Once you've done this, breeders who know you may be willing to sell you an unaltered cat, for another couple thousand dollars. It's unlikely at this point that someone who had taken these steps would then allow their purebred cat to indiscriminately breed with random other cats. So, again, a half-breed (unpapered) cat is unlikely to ever be created.

The cats born from a purebred cat with papers are almost exclusively going to be other purebred cats with papers.

But the rescue said my cat is a particular breed!

With the advent of the internet and aggregation web sites like Petfinder, rescue organizations have to market their pets more aggressively. One way they do this is by assigning breeds to adoptable pets.

These breed assignments should be understood to mean "this cat looks like BREED" or "this cat appears to have traits common to BREED". How well these assignments are made depends on the knowledge of the rescue staff and how aggressive they are trying to be in their marketing.

Some rescues will label all gray, non-striped cats "Russian Blue", yet you can click through hundreds of rescue "Russian Blue" cats and not find a single one with anything approaching the bone structure of a Russian Blue, many even lack the eye color (which is easier to see even if you aren't familiar with how Russian Blues are built). In the context of rescue, Russian Blue means "gray with no stripes or white spots".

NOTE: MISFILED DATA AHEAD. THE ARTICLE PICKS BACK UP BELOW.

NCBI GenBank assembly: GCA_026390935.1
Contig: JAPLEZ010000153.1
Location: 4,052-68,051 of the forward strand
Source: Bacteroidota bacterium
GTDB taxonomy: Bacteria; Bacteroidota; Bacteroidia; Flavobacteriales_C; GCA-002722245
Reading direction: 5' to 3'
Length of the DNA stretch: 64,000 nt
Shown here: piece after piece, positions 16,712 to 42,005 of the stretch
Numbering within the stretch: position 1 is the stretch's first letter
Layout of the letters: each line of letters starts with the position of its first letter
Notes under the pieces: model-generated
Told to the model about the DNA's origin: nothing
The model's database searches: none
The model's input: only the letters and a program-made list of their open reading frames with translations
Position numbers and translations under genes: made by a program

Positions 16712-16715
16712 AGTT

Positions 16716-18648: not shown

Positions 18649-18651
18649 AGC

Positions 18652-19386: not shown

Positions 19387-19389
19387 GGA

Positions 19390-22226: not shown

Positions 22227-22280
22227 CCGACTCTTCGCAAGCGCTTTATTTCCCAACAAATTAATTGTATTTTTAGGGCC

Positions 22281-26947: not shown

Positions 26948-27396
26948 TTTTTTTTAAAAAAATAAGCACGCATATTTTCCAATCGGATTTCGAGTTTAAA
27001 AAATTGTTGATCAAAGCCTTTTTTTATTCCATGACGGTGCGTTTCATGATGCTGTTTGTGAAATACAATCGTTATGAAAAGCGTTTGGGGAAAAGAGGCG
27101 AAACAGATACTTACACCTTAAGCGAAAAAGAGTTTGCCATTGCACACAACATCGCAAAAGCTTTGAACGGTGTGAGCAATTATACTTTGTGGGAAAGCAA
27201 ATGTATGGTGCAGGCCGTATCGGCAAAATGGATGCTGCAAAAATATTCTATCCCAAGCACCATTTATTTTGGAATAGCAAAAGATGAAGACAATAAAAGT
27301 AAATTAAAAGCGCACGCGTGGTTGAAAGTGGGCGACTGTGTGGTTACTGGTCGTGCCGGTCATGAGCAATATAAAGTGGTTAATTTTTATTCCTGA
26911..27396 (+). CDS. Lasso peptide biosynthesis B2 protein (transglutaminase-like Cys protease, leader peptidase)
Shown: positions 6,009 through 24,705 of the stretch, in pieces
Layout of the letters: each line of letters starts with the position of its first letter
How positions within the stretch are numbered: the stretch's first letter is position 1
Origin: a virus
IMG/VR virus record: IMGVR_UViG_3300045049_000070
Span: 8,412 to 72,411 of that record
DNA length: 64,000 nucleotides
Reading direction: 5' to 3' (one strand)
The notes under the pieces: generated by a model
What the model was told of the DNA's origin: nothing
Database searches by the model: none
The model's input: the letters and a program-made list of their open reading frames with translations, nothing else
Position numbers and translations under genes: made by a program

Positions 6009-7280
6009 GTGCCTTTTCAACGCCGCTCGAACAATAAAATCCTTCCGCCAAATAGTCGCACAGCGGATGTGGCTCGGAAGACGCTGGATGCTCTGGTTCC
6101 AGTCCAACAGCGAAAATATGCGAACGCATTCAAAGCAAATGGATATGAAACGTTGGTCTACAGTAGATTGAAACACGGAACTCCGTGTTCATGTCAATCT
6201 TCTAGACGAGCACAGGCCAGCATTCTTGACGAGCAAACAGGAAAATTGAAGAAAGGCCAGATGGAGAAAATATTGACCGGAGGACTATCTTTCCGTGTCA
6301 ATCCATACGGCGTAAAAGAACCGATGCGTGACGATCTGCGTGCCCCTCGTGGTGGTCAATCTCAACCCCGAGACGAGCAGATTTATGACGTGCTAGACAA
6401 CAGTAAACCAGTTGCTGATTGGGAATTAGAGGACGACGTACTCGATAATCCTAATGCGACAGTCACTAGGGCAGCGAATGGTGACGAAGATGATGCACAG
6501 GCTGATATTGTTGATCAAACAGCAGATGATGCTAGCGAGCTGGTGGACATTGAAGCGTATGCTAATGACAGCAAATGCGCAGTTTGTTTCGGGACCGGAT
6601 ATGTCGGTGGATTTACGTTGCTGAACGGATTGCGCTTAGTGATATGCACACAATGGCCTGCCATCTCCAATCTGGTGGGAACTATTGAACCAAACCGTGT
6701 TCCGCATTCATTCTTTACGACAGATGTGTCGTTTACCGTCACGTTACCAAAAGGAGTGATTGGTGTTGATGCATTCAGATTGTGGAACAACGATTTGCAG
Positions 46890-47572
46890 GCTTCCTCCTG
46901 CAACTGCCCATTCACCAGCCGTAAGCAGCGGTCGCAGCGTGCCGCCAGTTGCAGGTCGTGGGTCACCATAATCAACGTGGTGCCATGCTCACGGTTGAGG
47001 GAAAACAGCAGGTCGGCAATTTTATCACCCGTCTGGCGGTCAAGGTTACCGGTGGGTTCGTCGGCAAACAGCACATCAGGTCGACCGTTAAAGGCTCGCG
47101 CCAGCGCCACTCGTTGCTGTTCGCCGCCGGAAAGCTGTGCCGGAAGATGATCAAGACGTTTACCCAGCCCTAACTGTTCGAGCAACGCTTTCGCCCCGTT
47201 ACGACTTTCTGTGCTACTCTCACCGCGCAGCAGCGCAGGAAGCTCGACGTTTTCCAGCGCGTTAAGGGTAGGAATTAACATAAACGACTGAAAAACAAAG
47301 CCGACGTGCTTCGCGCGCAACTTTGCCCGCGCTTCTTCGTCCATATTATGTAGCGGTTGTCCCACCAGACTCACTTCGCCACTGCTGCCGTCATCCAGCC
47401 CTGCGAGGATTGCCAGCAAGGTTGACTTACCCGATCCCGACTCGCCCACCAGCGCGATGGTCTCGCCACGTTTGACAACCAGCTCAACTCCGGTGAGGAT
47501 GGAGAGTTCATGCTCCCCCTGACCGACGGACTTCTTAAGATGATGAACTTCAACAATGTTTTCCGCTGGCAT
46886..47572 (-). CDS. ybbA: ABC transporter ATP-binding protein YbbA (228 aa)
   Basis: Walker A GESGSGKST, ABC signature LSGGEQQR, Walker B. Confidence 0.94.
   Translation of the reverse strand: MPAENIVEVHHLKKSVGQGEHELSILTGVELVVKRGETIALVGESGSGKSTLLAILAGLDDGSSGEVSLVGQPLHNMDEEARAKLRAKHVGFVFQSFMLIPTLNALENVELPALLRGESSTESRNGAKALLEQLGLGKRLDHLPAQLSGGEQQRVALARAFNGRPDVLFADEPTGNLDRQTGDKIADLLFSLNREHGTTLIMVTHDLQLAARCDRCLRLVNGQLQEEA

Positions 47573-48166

The exception to this is a breed specific rescue. These rescues are familiar with the breed and will only accept cats of that breed. They make this determination either through papers or by extensive familiarity with the breed (it varies according to each particular rescue). Even though I've gotten most of my cats from the Siamese Rescue Center, that doesn't mean that they're purebred Siamese (they are definitely not). It means that these cats have been pre-screened to have many of the traits of Siamese.

Exceptions to the Above

Despite the best practices of breeders (as explained above), there are some number of unaltered purebred cats that have been obtained by unscrupulous breeders (aka 'backyard breeders'). This is more likely to happen in more common (popular) breeds that have a large number of breeders.

If there's only <10 breeders of a particular breed in the US, they probably all know each other or at least know of each other. It's more difficult to get an unaltered cat of that type of breed than a breed that has a bunch of breeders and while a breeder knows a lot of other breeders, they don't expect to know everyone.